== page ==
After I come up with a fee on my own, I like to check it against a couple of other pricing resources to see what they recommend. Blinkbid called for $2,600 to $4,500 for one image for one year for that usage, and fotoQuote recommended $6,500 per image for three years within their "web pack" (which includes web advertising). These pricing guides are useful when you’re quoting exactly the same parameters that they’re showing, but often they don’t match up to a client’s intended use, and I generally find them to be on the high side. In this case, we were essentially shooting 12 variations of the same food picture. So the question is, do you simply multiply that one-year fee for one picture times the number of pictures and times the number of years? If I did that, the fee would be $2,600 x 13 x 3 = $101,400. As much as I wanted the photographer to get that fee, it’s simply not worth that much to the client. I decided on an even $13K for the fee, which was reasonable for the scope of the project and also helped to keep the bottom line under $20K.

Assistants: We budgeted for two assistants for the shoot day.

Digital Tech: We’ll hire a digital tech to import files and operate a workstation or laptop anytime we have a client making approvals during the shoot. This allows the photographer to keep working on set while the clients watch the progress on a monitor. Some more expensive digital techs are prepared to bring or rent high-end camera equipment and processing software to add images into layouts, but at this price range, the tech simply would be importing files from cards and organizing them while allowing the client to occasionally review the work.

Food Stylists: The restaurant’s chefs would be cooking the food as they typically would for their customers, but in order to further style, plate and arrange all of the shots in one day, we included fees for two food stylists—one working on the current setup and the other prepping for the next shot. We also included a stylist assistant to help out.

Photographer Scout Day: The photographer would need at least a half-day to walk through the restaurant with the agency and client to determine specific locations and angles while reviewing the menu items.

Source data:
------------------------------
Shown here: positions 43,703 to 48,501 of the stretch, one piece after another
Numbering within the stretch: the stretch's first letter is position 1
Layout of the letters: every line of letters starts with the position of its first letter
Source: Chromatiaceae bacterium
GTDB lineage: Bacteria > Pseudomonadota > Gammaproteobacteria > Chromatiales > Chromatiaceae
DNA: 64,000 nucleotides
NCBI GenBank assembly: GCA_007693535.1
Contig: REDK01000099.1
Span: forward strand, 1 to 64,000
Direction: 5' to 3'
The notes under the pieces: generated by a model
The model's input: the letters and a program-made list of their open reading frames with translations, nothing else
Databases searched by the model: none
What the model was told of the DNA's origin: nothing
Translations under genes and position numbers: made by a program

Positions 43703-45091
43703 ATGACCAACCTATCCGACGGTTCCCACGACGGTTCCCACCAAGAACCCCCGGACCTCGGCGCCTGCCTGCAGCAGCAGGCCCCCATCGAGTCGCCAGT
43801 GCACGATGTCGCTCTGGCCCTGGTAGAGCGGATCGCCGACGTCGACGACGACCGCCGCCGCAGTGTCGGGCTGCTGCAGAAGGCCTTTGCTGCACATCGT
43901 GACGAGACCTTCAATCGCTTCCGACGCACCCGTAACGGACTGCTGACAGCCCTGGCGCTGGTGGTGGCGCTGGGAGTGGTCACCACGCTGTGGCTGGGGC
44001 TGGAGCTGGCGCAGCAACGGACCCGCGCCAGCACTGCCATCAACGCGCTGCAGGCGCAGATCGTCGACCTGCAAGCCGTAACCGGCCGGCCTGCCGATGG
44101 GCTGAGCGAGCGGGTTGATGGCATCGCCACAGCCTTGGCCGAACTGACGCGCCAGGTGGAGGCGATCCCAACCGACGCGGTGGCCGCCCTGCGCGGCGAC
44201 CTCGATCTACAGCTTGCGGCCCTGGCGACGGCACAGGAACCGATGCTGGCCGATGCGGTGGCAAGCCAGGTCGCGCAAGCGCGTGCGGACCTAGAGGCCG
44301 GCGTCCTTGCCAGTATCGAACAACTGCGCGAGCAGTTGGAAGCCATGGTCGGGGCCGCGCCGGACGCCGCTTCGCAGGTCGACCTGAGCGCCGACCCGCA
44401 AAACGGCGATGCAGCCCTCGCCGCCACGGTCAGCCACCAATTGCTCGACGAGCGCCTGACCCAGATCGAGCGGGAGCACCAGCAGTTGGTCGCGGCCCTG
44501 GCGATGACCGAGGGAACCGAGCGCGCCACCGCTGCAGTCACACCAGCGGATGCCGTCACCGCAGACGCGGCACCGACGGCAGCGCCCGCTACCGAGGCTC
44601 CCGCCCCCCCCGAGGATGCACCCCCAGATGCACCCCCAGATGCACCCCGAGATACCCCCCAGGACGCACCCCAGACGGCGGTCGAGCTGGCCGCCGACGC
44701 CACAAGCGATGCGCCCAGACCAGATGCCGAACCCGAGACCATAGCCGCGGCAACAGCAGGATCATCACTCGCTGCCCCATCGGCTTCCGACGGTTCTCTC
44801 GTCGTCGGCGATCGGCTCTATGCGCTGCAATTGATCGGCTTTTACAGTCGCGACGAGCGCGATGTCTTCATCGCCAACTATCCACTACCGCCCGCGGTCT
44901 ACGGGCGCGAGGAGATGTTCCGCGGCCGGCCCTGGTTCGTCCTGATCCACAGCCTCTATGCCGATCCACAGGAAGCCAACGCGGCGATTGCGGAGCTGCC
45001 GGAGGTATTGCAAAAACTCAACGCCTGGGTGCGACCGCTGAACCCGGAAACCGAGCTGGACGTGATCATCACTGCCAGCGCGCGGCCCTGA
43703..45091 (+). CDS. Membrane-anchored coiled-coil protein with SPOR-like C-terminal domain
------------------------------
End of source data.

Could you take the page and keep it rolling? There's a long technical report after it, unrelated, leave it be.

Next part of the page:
Equipment Rental: We included a fee to use some of the photographer’s own equipment while allowing for a few additional rentals, if needed. This is on the lower end of what we might expect to charge for equipment on a shoot like this, but in order to make their budget work, this was one of the places where the photographer was willing to come down a bit.

Image Processing For Editing: While the digital tech would import and handle basic organization of the images as they were shot, the photographer still would need to spend additional time after the shoot to edit, rename, tweak and process a web gallery for the client and agency to review.

Image Processing For Reproduction: We figured it would take a full day to further process, retouch and deliver the 13 high-res selects.

Miles, Parking, Misc.: The restaurant was local to the photographer, and the client would be feeding the crew, so I only needed to include $100 for miles and miscellaneous expenses.

Results: The photographer was awarded the job.

As a Wonderful Machine producer, Craig Oppenheimer has estimated and negotiated hundreds of photo assignments and has produced shoots for clients both big and small. When he isn’t helping photographers with estimates or production, he tirelessly promotes the Wonderful Machine brand and arranges monthly portfolio events with high-caliber creatives around the country while consulting with photographers on targeted marketing campaigns. If you have any questions, or if you need help estimating or producing a project, contact Wonderful Machine at